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Long Island Pride Parade draws record crowd in Huntington

Rob Gavin rides on a float during the

Rob Gavin rides on a float during the pride parade in Huntington on Saturday, June 14, 2014. Photo Credit: Steve Pfost

They came covered in rainbows: Rainbow shorts, dresses, tutus, flags, bandannas, wigs and body paint dotted the parade route down Main Street in Huntington on Saturday as the 24th annual Long Island Pride Parade rolled through town.

More than 18,000 people took part in the parade, a record year of attendance, said David Kilmnick, CEO of Bay Shore-based Long Island Gay, Lesbian, Bisexual and Transgender Network, which hosts the Pride events. After, the crowd headed to Heckscher Park for an afternoon of entertainment, beer, wine and food at PrideFest.

The biggest excitement came when grand marshal Edie Windsor slowly made her way down Main Street, perched atop a convertible, as fans rushed toward the car to get a closer look and snap pictures. Windsor, 84, is a gay rights icon whose lawsuit led to the U.S. Supreme Court decision that overturned parts of the federal Defense of Marriage Act.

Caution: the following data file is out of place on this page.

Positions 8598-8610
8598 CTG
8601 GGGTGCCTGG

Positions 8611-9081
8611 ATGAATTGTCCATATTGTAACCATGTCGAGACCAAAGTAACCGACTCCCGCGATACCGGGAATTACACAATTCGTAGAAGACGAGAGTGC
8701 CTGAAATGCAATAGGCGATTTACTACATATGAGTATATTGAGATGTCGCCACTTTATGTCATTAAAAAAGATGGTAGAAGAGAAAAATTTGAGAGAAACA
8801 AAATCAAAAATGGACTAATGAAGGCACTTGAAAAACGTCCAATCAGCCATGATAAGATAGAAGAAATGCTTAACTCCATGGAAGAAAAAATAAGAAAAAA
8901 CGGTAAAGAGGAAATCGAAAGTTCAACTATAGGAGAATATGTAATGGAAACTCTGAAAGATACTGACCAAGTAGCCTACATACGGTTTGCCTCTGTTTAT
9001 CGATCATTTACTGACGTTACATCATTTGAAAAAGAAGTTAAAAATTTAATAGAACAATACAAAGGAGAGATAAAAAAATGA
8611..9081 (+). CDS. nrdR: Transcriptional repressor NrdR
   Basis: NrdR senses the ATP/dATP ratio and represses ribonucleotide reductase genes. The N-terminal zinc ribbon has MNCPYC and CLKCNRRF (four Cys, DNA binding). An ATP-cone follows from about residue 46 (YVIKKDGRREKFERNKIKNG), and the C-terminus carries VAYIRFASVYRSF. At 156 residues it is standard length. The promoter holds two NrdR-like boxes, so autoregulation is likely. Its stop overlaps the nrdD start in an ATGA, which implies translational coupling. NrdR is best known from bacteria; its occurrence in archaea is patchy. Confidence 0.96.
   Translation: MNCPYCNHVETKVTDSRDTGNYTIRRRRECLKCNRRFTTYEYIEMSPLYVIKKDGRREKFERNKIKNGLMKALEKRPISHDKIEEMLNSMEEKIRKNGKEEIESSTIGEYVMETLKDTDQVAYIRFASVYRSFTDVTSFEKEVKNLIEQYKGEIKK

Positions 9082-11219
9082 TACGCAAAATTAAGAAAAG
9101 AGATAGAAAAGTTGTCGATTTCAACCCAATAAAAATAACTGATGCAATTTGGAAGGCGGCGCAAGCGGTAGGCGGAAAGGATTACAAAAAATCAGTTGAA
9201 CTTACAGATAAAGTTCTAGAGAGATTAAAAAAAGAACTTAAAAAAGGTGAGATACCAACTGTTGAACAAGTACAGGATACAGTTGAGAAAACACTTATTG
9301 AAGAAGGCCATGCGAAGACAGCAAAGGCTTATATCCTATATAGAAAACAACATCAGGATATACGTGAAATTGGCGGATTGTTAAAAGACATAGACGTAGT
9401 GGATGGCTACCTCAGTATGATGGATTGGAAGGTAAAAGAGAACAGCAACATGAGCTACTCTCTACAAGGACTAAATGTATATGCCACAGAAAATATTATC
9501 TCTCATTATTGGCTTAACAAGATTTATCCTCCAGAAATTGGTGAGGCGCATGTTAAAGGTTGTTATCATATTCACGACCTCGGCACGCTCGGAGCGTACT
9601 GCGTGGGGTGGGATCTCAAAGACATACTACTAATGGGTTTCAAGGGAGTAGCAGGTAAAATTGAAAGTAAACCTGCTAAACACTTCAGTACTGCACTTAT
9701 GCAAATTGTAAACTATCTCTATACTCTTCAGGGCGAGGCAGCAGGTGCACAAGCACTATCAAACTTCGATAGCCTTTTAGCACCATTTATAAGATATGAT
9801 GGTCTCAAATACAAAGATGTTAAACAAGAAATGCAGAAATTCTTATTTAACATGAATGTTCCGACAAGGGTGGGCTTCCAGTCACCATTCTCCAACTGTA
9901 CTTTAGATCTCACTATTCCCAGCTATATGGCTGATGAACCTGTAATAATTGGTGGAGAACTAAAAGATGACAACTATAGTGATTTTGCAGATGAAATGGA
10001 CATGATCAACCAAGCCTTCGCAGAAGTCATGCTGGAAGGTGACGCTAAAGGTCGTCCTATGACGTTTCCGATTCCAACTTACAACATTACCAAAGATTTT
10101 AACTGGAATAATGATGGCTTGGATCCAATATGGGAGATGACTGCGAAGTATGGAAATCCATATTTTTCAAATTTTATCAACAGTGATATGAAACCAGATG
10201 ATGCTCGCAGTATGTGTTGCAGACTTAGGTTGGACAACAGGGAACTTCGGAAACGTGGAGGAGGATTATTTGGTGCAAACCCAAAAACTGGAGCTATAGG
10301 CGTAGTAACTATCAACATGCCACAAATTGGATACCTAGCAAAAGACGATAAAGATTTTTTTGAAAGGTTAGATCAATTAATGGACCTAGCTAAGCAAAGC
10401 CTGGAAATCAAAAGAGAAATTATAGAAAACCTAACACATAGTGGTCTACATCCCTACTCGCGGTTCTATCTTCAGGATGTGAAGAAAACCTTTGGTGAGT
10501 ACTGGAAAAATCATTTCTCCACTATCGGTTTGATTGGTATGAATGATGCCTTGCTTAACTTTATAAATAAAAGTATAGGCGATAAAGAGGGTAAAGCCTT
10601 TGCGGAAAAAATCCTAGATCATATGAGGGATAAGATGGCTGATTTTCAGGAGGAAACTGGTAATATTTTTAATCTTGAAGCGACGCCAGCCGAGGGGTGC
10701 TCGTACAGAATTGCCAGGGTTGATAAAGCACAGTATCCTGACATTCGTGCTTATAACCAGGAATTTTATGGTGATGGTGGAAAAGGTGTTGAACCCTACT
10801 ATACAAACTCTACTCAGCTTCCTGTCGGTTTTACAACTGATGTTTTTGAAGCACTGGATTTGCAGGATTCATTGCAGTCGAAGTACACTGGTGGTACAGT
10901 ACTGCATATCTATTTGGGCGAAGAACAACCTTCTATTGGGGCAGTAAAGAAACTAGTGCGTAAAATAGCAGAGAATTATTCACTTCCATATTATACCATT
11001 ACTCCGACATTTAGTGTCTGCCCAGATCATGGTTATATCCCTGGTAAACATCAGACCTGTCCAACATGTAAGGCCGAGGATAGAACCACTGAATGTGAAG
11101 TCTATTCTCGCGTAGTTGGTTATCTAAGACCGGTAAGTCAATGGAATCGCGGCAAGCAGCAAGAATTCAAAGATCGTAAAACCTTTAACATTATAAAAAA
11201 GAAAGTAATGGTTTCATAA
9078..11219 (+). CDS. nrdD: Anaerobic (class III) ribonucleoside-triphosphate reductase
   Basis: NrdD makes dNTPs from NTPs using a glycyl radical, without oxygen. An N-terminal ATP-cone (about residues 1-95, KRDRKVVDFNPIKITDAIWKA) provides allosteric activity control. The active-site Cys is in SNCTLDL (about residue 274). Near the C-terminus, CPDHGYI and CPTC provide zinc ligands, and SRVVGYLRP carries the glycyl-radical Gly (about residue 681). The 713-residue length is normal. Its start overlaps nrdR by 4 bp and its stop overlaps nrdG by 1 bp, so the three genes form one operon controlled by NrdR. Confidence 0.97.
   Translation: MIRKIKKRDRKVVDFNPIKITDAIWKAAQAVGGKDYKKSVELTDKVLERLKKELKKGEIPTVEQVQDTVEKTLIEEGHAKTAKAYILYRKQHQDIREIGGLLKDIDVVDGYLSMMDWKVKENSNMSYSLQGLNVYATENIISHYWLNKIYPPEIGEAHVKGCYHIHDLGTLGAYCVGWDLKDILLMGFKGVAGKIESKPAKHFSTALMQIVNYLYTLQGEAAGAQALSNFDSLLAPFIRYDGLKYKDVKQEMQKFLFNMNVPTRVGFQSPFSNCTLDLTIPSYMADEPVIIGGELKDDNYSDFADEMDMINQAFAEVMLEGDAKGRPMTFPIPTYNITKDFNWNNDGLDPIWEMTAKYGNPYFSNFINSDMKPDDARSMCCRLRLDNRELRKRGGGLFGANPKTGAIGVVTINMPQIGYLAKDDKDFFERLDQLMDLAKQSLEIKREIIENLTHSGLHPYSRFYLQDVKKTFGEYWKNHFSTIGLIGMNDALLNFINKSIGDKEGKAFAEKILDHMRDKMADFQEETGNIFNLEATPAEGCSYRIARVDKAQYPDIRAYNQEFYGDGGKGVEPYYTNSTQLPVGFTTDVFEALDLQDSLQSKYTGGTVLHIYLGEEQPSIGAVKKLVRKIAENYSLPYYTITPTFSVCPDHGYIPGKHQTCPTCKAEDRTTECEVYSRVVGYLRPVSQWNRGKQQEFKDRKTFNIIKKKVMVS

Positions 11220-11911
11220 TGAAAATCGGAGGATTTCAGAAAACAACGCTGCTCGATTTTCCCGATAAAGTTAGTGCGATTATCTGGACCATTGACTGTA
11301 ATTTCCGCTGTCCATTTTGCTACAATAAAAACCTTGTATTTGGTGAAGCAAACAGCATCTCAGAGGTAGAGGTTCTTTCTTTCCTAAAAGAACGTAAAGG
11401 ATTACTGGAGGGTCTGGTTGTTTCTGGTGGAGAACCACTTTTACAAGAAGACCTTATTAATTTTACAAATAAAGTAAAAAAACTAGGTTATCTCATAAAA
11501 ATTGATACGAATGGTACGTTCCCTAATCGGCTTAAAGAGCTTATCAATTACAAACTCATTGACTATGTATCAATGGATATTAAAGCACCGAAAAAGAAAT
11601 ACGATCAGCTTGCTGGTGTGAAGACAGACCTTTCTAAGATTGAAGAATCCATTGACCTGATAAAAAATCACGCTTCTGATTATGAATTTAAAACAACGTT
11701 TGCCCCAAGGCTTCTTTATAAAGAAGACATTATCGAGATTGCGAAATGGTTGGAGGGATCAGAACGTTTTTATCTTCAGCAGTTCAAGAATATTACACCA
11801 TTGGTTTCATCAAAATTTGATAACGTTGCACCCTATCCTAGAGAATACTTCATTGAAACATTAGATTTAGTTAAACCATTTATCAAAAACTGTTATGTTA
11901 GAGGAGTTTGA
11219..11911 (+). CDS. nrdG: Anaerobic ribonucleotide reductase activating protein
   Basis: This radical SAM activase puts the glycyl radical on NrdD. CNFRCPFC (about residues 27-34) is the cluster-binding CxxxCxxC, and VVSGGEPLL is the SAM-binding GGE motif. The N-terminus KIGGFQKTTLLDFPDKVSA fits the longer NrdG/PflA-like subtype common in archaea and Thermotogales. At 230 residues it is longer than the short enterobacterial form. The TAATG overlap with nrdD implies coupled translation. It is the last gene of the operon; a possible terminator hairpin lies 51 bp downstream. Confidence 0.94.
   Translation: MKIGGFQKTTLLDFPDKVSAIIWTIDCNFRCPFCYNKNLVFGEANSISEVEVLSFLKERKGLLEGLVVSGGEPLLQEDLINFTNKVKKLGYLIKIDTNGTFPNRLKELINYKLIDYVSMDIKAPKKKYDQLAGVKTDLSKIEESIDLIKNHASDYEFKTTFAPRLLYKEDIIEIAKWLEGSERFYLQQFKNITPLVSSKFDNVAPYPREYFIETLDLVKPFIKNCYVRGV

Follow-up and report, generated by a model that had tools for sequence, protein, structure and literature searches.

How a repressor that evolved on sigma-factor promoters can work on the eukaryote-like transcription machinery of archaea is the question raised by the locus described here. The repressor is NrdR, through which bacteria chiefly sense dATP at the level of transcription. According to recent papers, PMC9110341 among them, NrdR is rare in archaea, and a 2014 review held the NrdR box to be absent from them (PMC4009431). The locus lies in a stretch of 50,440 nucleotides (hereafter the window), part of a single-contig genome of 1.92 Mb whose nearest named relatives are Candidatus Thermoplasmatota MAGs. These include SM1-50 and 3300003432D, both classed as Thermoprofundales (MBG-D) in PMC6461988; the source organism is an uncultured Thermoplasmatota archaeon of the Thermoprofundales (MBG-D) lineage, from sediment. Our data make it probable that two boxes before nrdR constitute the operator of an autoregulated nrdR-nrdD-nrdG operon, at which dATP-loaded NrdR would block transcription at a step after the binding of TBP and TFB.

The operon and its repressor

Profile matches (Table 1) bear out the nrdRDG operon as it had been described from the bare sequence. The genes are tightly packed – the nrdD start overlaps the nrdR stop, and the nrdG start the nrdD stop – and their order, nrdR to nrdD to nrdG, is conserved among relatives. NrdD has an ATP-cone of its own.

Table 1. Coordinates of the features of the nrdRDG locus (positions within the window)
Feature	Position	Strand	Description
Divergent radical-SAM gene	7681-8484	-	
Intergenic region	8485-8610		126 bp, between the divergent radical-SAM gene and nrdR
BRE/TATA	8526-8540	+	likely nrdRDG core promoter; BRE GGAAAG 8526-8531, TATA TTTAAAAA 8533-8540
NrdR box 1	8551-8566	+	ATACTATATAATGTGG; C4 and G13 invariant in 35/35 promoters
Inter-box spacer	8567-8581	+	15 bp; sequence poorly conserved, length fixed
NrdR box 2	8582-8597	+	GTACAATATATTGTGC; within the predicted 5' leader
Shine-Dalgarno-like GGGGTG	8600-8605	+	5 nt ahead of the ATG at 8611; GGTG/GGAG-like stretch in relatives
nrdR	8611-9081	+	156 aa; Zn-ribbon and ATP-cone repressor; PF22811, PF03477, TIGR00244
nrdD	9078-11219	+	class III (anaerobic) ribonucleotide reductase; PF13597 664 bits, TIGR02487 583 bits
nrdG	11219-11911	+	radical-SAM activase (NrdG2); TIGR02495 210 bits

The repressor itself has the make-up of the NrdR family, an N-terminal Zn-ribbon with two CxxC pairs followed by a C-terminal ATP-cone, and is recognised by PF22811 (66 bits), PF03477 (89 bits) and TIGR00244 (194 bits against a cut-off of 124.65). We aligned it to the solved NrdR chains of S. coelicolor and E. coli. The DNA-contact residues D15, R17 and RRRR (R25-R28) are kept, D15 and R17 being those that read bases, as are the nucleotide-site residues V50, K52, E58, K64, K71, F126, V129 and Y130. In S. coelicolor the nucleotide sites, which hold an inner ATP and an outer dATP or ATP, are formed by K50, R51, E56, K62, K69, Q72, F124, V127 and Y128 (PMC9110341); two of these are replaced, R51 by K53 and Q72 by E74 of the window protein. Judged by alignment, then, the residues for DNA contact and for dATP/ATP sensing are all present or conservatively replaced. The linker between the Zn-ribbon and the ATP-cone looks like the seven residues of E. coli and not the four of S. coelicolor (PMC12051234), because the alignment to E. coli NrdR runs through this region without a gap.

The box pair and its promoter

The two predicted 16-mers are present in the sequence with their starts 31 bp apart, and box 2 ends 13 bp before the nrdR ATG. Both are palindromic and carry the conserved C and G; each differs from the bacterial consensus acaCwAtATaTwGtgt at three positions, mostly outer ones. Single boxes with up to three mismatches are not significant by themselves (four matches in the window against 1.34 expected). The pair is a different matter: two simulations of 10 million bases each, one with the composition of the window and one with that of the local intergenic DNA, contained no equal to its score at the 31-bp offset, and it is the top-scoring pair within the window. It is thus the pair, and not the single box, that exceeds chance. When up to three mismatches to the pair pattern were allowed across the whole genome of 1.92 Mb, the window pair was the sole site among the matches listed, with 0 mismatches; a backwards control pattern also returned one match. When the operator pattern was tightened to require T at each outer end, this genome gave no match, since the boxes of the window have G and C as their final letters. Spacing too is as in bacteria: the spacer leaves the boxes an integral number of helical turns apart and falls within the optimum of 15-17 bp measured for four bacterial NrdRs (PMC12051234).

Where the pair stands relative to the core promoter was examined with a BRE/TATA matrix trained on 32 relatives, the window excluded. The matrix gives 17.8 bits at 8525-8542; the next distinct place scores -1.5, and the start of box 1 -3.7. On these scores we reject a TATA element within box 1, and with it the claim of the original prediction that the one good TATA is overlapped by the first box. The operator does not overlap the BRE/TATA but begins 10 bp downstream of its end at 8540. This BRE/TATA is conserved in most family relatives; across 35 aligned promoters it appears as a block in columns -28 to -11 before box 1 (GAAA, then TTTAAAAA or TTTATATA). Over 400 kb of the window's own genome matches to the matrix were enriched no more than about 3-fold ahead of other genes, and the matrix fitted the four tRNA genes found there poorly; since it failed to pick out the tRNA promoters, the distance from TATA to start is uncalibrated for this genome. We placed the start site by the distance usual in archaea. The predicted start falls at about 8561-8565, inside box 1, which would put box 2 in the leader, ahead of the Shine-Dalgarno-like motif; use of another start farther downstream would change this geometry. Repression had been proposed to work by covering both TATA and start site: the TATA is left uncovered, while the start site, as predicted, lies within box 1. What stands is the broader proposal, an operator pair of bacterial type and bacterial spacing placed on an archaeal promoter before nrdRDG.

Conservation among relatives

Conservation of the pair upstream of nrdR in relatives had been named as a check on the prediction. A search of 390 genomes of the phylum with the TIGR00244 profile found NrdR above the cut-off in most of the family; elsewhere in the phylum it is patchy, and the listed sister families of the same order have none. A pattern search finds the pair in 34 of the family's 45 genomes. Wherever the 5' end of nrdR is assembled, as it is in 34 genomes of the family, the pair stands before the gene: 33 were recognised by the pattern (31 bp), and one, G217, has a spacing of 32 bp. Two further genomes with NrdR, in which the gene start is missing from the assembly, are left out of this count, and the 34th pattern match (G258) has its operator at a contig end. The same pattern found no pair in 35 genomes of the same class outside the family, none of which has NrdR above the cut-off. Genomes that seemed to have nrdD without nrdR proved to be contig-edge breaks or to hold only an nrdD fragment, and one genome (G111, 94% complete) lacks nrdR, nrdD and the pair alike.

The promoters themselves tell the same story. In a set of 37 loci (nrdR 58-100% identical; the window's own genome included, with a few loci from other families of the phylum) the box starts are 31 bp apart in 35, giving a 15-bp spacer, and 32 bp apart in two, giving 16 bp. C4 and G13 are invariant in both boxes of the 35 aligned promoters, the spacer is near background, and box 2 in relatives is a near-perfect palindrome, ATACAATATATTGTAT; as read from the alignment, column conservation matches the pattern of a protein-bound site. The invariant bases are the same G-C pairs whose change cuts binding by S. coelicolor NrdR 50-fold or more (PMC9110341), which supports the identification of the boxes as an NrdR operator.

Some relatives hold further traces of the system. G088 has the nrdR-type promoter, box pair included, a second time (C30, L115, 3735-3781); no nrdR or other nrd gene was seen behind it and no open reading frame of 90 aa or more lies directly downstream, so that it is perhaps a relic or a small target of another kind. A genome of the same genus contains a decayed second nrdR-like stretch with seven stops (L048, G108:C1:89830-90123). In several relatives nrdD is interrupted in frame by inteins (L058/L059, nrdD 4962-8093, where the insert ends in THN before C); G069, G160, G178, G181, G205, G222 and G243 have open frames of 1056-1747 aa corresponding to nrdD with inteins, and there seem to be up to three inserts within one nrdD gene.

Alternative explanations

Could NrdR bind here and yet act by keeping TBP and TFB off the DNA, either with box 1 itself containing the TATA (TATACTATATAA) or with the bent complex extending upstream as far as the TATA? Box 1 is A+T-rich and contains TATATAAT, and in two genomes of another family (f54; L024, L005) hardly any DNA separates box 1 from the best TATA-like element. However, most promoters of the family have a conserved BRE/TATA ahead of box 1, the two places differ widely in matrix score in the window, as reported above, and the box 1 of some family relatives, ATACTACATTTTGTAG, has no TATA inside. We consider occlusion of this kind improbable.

"It's very overwhelming in a positive way," said Lisa Cohen, 59, of Huntington, who watched the parade with her wife, Amy Lipton, 56. The couple have been together for 22 years and married 10 years ago in Toronto. "When we saw Edie Windsor, that's when we started to cry. We both lost it."

The Supreme Court's ruling on DOMA last June paved the way for marriage equality across the country. New York made gay marriage legal in 2011.

"Let's hope it keeps getting easier for the next generation," Cohen said, recalling a time when being openly gay came with an element of fear.

PrideFest brought music until 6 p.m. from such performers as the elaborately painted operatic singer Prince Poppycock, a former "America's Got Talent" contestant, and Long Island native Taylor Dayne.

More than 60 vendors and community organizations set up booths at the festival, and health professionals were on hand to administer HIV/AIDS tests.

"While we're celebrating today and we're joyous, we still need to be reminded that our work is not done," Kilmnick said. "Kids are still at risk for bullying. There's a health disparity with HIV among young gay and bisexual men again, and there's a lot of violence against the transgender community."

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